Early diagnosis of atrial myxoma may be missed because its evolution remains silent for a long time. Several publications report cases of incidental diagnosis. In some cases, this clinical discretion allows tumor to grow to large sizes. Clinical signs and even complications of myxoma depend on tumor size, location, and shape. A huge left atrial myxoma can also mimic the clinical signs of mitral stenosis [6, 7].
TTE is currently the standard diagnostic test in myxoma. However, TTE is not yet widely available in our country. It is mainly practiced in 4 or 5 major cities where experienced cardiologists have established practice. We can reasonably consider that myxoma diagnosis is ignored for many patients. The DRC has a currently estimated population between 84 and 95 million people. With increased availability of TTE, there is a legitimate expectation that there will be more diagnosis and resection of myxomas in the future.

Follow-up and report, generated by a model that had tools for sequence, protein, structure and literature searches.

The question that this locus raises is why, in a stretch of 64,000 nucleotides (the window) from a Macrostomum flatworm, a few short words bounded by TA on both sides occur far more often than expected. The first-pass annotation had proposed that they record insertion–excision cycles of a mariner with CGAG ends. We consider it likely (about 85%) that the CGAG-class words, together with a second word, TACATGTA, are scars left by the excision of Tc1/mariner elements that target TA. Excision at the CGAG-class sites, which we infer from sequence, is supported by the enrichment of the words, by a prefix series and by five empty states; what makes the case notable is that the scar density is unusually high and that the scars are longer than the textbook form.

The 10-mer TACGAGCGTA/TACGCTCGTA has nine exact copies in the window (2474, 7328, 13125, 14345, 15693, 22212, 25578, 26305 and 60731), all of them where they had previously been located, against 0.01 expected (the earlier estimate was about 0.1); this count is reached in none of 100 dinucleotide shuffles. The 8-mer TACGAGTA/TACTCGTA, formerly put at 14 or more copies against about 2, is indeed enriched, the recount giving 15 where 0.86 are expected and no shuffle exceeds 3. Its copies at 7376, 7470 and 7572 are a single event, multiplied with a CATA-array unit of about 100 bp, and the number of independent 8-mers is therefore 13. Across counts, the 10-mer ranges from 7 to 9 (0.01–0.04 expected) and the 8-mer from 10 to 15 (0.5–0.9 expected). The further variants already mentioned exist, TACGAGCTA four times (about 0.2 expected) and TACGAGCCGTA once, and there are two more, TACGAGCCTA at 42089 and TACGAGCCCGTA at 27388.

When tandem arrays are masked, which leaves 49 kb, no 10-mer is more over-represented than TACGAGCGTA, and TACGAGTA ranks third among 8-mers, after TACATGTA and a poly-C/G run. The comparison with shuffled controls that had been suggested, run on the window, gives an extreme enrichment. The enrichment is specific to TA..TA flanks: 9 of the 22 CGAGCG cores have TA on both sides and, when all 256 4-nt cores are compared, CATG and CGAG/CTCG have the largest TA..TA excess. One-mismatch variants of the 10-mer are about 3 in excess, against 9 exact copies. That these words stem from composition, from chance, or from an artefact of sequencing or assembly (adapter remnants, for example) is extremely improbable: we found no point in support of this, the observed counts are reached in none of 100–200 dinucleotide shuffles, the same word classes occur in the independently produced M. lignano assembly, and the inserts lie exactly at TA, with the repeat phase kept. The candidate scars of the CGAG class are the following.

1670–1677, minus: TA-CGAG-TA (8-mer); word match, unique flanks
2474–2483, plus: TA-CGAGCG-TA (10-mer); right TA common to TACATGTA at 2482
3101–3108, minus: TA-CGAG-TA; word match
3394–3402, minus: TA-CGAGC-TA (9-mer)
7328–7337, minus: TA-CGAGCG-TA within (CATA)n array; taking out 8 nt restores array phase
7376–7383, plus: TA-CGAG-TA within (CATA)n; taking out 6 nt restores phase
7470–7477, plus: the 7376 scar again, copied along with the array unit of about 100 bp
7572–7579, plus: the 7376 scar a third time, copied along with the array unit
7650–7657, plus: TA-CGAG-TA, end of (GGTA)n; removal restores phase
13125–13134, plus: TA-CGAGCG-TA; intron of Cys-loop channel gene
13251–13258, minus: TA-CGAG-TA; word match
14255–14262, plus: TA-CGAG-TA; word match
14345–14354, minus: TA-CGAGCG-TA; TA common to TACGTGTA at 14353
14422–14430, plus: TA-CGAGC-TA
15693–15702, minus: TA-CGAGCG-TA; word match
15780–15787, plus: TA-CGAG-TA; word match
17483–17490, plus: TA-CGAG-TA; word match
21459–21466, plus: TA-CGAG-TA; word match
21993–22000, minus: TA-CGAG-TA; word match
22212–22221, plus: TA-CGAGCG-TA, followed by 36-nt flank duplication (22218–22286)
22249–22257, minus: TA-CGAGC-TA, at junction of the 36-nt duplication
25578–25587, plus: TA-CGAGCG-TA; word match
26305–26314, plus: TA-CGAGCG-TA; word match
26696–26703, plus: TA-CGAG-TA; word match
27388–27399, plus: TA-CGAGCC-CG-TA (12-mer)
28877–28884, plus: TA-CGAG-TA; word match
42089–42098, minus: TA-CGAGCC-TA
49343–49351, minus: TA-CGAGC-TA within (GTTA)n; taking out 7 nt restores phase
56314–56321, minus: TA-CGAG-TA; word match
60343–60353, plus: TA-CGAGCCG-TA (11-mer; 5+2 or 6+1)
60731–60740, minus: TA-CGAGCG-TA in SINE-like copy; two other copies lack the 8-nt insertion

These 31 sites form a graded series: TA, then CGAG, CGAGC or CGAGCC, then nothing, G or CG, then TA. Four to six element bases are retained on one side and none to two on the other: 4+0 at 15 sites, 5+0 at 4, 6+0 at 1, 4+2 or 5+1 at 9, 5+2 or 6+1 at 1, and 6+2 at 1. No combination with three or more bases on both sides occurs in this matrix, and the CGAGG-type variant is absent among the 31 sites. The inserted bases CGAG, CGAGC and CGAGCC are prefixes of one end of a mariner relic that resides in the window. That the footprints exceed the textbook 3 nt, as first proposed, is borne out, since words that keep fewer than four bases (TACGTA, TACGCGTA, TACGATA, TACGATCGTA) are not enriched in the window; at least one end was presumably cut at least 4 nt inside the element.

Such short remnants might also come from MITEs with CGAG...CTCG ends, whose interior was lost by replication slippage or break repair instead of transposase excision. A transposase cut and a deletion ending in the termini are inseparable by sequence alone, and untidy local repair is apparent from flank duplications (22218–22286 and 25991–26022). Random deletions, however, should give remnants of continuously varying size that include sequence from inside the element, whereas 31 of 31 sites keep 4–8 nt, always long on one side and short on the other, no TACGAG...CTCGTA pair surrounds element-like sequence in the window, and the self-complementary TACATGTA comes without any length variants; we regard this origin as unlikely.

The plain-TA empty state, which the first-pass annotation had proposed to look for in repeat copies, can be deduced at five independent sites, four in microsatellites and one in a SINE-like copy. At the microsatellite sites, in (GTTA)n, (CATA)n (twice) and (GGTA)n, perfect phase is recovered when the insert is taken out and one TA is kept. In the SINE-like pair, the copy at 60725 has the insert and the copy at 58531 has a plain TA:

Both patients in our reports were diagnosed with stage III NYHA dyspnea. TTE identified huge left atrial tumors prolapsing to the left ventricle. For the second patient, the tumor led to mitral annular dilatation, which resulted in significant Carpentier's Type 1 mitral regurgitation.
For our first patient, the preoperative mitral regurgitation was no longer seen at postoperative control. Indeed, after removal of the myxoma, the mitral leaflets had recovered a satisfactory coaptation. Mitral regurgitation associated with a large left atrial myxoma often resolves spontaneously after removal of the tumor. Sometimes mitral annulus dilatation by a huge myxoma may persist . Such was the case for the second patient, whose mitral and tricuspid annular dilatation required correction with annuloplasty rings.